Mandela Boost For Anc Supporters
Jacob Zuma and Nelson Mandela Former South African president Nelson Mandela has made an unexpected appearance at the governing ANC party's final pre-election rally. Wearing an ANC top, Mr Mandela, 90, was cheered by supporters ahead of a speech by party leader Jacob Zuma.
Mr Zuma is expected to become president after Wednesday's poll, the most competitive since the end of apartheid in South Africa in 1994.
Breakaway party Cope was also holding its final rally, in Limpopo province.
The BBC's Peter Biles, in Johannesburg, says Cope - The Congress of the People - has changed the political landscape since it was launched four months ago.
Made up largely of former African National Congress members, the latest opinion polls indicate that Cope could get as much as 15% of the national vote.
Crowds at the ANC's Johannesburg rally broke into rapturous applause as Mr Mandela came into the Ellis Park stadium in a golf cart, alongside Mr Zuma.
Our correspondent says the rare public appearance by Mr Mandela is the biggest possible endorsement of Mr Zuma, and conjures up memories of Nelson Mandela's last active campaign in 1994, when South Africa held its first democratic elections.
South Africa's first black president urged the ANC to remember its main task was to eradicate poverty and build a united, non-racial society.
"As we strive to secure a decisive victory for our organisation in the upcoming elections we must remember our primary task. It is to eradicate poverty andensure a better life for all," he said in a brief pre-recorded message played as he sat on the stage.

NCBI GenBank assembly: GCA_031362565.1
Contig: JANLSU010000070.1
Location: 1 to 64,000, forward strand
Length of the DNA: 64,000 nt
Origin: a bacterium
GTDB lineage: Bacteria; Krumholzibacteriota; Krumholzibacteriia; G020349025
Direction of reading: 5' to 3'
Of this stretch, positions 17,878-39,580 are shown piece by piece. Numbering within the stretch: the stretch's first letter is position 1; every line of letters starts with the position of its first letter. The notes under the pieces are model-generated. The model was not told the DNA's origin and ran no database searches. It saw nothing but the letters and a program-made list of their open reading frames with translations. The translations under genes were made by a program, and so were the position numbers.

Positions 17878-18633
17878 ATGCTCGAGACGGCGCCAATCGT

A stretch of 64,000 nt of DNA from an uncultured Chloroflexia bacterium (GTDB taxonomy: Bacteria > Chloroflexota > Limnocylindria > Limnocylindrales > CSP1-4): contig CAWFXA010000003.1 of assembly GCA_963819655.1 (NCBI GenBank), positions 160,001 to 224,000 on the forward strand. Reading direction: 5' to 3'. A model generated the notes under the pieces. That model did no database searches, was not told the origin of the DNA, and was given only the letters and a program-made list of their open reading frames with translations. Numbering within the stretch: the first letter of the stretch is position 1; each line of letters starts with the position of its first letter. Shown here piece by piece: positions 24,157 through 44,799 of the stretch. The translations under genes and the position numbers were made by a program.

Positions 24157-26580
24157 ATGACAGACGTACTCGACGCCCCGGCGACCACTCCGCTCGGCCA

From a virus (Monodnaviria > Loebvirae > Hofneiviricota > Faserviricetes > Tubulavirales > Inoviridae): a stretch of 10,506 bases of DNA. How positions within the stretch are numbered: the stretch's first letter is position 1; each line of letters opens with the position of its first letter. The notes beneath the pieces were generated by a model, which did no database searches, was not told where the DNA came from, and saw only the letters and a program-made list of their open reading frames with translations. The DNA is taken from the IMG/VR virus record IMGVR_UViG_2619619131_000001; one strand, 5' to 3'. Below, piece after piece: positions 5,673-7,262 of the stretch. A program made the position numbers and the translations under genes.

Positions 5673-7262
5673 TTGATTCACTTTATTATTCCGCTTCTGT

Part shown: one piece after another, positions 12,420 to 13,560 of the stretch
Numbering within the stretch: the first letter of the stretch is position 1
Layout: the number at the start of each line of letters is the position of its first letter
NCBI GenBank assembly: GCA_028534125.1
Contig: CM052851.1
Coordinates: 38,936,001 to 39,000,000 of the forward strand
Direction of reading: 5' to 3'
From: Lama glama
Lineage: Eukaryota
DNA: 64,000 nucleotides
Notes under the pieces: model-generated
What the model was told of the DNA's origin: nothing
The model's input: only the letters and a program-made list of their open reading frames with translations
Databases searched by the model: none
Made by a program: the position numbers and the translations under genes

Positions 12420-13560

"The ANC has the historical responsibility to lead our nation and help build a united non-racial society," he added.
Mr Zuma stressed the message of racial unity in his opening remarks to the rally.
"We reaffirm that South Africa belongs to all of us, black and white," he said.
"Working together we will ensure that no South African ever feels they are less valued than others because of their race, culture or religion."
He dismissed the fears of those who had suggested the emergence of Cope would break the ANC's dominance of South African electoral politics, and pledged the party would remain a force for good if re-elected.
"In 15 years that it has been in power, the ANC has never used its electoral mandate to change the constitution, and it has no intentions to do so.
"We'll always uphold, defend, promote and protect the constitution of our country and all our democratic institutions," Mr Zuma said.